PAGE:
Reviews

2013 Parajet Zenith Top 80

Flown May 2013, Reviewed from notes Nov 16, 2013

Parajet is a well established innovator that continues to refine its line with the Zenith series. It's made for travel with possibly the best breakdown and shipping capability I've yet seen. The smallest piece is a back plate to which everything else mounts, which is only slightly larger than the engine itself. 

The Top 80 version that I flew weighed within 2 pounds of an ABM (weight shift) Miniplane -- about 48 pounds empty. It had the larger 125 cm prop for improved thrust. My flight was flown with less than half fuel in 80 degree air with a slight breeze around 1000 feet ASL. I weighed about 137 pounds and flew it on my Ozone Viper 18.

Weight: Better than average balance and light weight. 48 pounds.

Harness & Suspension: Parajet's harness was comfy and worked well with the weight shift. Seat lip adjustment was nice in flight.

Starting (-): Same as the Miniplane with a rope going up to a pulley allowing easy starting from the front. It's a Top 80, the easiest starting motor I've used to date. If you've got to pull a rope, hope it's one of these little beasties. But don't be fooled, if the throttle is engaged and you start this machine on power, it will lunge forward like any other.

Ground Handling & Kiting (-): Comfortable on the ground and in flight. At least as good as the Miniplane which is the easiest to ground handle with in my little-bodied experience.

Launch (-): Easier than average due mostly to the light weight, just like Miniplanes. Power forwards are no problem and the lines don't snag on anything. Getting into the seat was easy and required no hands on most launches.

It has two advantages here. The lines don't rub on fabric and the cage can handle more pressure. Although I do power forwards on my flexible cage machine, you do them easier with this. Not that you would want to whack into a power forward with a big wing, but it's better than the thinner Miniplane poles.

Climbout (-): Probably about 350 fpm. Same as the Miniplane that uses the same prop.

Flight (-): Extremely nice in flight. Among the best feels of any machine I've flown. Great throttle response of about 1 second from idle to full, plentiful adjustments, with an easy-to-use cruise control on the throttle. The S-arms do impede your movement somewhat for working with things in your lap or right in front.

Weight Shift (-) Excellent and easy effort.

Torque (-): Well controlled. I was able to weight shift turn against the torque.

Thrust (-): Estimate about 105 to 110 lbs.

Endurance (-): Your butt will wear out before it runs out of gas. A combination of Top 80 fuel burn with a large tank must give 3 hours to most pilots of average weight on average wings.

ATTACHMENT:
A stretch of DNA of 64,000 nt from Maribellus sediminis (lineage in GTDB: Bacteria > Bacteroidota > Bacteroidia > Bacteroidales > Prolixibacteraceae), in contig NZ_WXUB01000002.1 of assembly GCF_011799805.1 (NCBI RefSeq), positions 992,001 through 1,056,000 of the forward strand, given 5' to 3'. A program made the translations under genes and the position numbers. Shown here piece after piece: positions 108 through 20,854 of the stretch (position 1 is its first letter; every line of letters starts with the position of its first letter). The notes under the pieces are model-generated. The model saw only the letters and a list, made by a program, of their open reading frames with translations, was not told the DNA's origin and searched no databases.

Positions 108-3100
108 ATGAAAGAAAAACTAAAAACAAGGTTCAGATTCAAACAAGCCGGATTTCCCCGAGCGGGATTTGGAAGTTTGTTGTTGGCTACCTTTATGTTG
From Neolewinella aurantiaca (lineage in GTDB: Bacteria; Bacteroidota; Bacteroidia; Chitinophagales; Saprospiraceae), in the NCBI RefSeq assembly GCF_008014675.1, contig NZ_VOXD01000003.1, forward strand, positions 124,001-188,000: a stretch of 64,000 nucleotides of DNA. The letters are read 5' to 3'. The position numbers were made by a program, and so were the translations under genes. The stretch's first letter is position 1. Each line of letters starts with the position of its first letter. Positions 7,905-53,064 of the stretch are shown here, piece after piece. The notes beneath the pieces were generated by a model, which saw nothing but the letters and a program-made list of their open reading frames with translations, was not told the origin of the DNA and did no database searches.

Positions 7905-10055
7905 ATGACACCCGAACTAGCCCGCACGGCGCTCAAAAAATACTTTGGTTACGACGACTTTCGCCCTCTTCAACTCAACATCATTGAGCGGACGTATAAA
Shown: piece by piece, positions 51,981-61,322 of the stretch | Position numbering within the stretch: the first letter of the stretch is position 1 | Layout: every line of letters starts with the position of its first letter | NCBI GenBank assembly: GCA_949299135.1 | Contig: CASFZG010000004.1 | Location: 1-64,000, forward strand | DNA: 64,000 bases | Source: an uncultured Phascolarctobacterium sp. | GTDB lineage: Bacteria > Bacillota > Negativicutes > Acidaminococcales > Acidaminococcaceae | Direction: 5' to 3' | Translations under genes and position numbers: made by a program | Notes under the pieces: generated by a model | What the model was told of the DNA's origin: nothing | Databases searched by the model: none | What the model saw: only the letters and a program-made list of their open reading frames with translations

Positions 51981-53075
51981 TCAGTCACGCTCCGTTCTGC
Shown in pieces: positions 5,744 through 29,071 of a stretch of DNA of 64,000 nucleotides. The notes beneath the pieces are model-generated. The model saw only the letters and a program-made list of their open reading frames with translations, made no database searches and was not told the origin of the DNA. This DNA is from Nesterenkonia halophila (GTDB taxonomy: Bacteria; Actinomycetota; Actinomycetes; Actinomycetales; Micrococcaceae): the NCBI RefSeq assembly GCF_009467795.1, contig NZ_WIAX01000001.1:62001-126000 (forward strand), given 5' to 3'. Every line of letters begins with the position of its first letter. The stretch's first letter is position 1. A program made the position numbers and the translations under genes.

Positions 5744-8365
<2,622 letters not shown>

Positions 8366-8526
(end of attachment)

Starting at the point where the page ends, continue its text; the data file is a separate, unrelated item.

Vibration (-): Smoother than average -- about the same as a Miniplane or possibly slightly better.

Sound (-): Top 80 powered machines are among the quietest out there. This is no exception.

Safety (-): The cage will not protect your hand from the prop if it surprises you. Although the prop only spins when the motor goes above idle, it will spin up almost instantly so it's no safer from that perspective. Any clutch machine does decrease the likelihood of damaging lines from not getting on the kill switch fast enough. Nearly all pilots will instinctively let off the throttle the may take a few precious seconds to mash the kill switch.

Like many, this cage would benefit hugely from an additional ring, just inside the prop diameter, to improve hand protection.

Clearance from the gas tank is good but not as good as the Miniplane. It should be enough, in most falls. to keep the prop tip from hitting the gas tank in a fall.

Construction (-): Very well built and with an eye towards travel. Fit and finish stands out and the pieces fit together nicely. The netting slides in a groove and may, over time, require some finagling.

This is the best engineered traveling paramotor I've seen. I watched the importer, John Erickson, go through a breakdown of the machine. One of its strongest plusses is how small the smallest part is. As you can see from the picture, the engine and backplate are almost the same size. If you needed to ship just the engine to avoid airline horror, it would be easier than any other machine since the motor stays on the plate.

The backplate is the only piece that is unique to the engine so you could have different engines mounted to a backplate and make a different paramotor out of it just by using the different engine/backplate.

The Top 80 is air cooled with a squirrel cage shaft-driven fan.

The machine is not as stoutly built as their Volution so it will require somewhat more gingerly handling.

Reparability (-): It's extremely easy to repair since the radial arms are all identical. As you can see from the pictures the pieces would be easy to stock/replace.

Transport (-): Best I've seen for air transport or shipping but no better than machines with normal cage pieces for putting on a car carrier or in a truck. This is one of its its strongest selling point.

Cost: Relative to the Top 80 Miniplane it's maybe 20% more expensive but about the same as a few other Top 80 powered machines.

Overall & More Info: Pilots weighing less than 200 pounds who travel will absolutely love this machine. Don't plan on throwing it around in a truck or treating it harshly (like most). Even for those who don't plan travel it is pure joy to launch and fly.

John Erickson was kind enough to show me a disassembly.
It took about 10 minutes and minimal coercive wiggling.
At the end the entire thing shoehorns into that wheeled black box.

 

The easily removable harness of Parajet's portable paramotor, the Zenith.


© 2016 Jeff Goin & Tim Kaiser   Remember: If there's air there, it should be flown in!